Anyway, one can notice – at close inspection – the high manufacturing quality: round the power plug, the cutout is very carefully made and the socket fits snugly. Accordingly, inserting and extracting the power cable is not jerky. This really gives the feeling of solidity.

WD 1M: power plug

Immediately above the power plug, the mini USB (mini-A) provides access to control interface. The software looks extensive, I haven’t installed it yet on my small Toshiba, but I will probably do it in a couple of days and I will get back with more details.

Note: the CD included contains several software and one very interesting file called “WD_Decoding.pdf” whose purpose is unclear for now. It seems that there is a code correspondence for each utility key and a lock code.

WD 1M: USB plug – attach here a cable and control the station from a PC.

WD 1M: front view – WMRP soldering pencil attachment plug. The socket has a bayonet-based coupling that allows tight connection of the tip cable.

WMRP, soldering “pencil” coupling: the outer ring has a bayonet-like mount that allows tight coupling with the WD 1M socket.

WD 1M: grounding indicator and power switch on “Off” position.

Nice mechanical feedback from the power switch makes me think that components are of very good quality. Looks cool to. The grounding sign indicates a jack on the bottom that allows grounding the tip to prevent ESD.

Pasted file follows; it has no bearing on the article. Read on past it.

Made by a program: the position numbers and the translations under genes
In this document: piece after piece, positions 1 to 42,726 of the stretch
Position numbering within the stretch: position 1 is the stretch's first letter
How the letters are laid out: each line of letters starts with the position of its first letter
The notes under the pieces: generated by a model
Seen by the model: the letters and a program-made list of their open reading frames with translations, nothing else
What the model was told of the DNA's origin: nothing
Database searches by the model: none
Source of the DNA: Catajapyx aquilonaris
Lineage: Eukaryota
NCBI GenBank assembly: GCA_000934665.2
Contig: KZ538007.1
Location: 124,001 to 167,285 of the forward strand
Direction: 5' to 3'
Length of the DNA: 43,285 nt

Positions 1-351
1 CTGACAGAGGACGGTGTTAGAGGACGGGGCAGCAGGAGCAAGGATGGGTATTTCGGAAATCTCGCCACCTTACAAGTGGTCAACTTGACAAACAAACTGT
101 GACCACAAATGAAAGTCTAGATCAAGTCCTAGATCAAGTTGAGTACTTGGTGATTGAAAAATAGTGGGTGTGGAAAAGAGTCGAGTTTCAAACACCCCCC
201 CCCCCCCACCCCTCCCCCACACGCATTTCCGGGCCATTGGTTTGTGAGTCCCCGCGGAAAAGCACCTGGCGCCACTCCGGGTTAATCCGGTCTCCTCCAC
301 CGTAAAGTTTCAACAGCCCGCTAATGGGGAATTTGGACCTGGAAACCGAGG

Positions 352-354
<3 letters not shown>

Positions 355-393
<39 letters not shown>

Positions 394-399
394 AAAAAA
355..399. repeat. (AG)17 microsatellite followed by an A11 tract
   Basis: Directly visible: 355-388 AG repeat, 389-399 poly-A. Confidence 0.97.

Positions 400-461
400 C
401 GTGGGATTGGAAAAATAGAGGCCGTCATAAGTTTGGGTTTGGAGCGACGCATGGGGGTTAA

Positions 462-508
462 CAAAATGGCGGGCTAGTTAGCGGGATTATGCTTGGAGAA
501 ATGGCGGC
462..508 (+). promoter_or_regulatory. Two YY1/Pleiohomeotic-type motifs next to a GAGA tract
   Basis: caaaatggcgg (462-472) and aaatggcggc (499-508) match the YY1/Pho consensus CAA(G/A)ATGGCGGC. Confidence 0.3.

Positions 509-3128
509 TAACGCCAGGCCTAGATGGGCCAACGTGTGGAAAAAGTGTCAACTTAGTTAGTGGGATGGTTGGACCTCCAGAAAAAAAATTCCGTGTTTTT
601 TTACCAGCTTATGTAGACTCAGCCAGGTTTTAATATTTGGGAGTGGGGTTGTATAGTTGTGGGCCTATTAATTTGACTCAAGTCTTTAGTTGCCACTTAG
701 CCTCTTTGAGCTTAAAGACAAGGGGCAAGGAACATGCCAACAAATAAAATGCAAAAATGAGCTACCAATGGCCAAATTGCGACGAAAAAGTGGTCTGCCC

WD 1M: Grounding indicator and power switch on “On” position.

WD 1M: grounding socket on the bottom plate.

The RT3 soldering tip is hot-swappable, which means that can be replaced while station is operated. Careful though, it should be pulled only by the rubbery mid-section.

WMRP “pencil” and RT3 soldering tip: the RT3 soldering tip is hot-swappable

Weller WD 1000M WMRP tip is something like 2mm wide (maybe less, did not measure it) which makes it perfect for precision soldering.

RT3 soldering tip: note the size of the tip.
This requires special care since these tips are quite expensive.

RT3 soldering tip: the “coupling” side, power and control contacts.

WMRP vs WHS 40 D

WMRP soldering “pencil” and WHS 40D soldering pen. Note the difference in size and consider that WHS 40D has a 3 mm tip.

WMRT: magnetic probe

Placing the WMRP soldering pencil in the cradle while operating the station cuts off the power thus the tip will run colder. A very nice feature that should improve tip life.

WMRP solder pencil placed in the WMRT magnetic cradle.

WMRP solder pencil placed in the WMRT cradle and magnetic sensor.

Lastly – but not the least – the device is provided with a brass sponge included in the WMRT base. A nice addition 😉

WMRT: base with brass sponge; a considerate addition.

That’s it for today. More to come and another review on the software part of Weller WD 1000M, especially that I have to plug it, power it and use it. So I will cover operation, menus and software control in another review.

Briefly, very good impression so far. Looks and feels amazing, will be a welcome addition to my DIY panel. And, as a corollary, remember to

Claudia Schiffer

There are good tools and poor tools. Everything else falls in one of these two categories.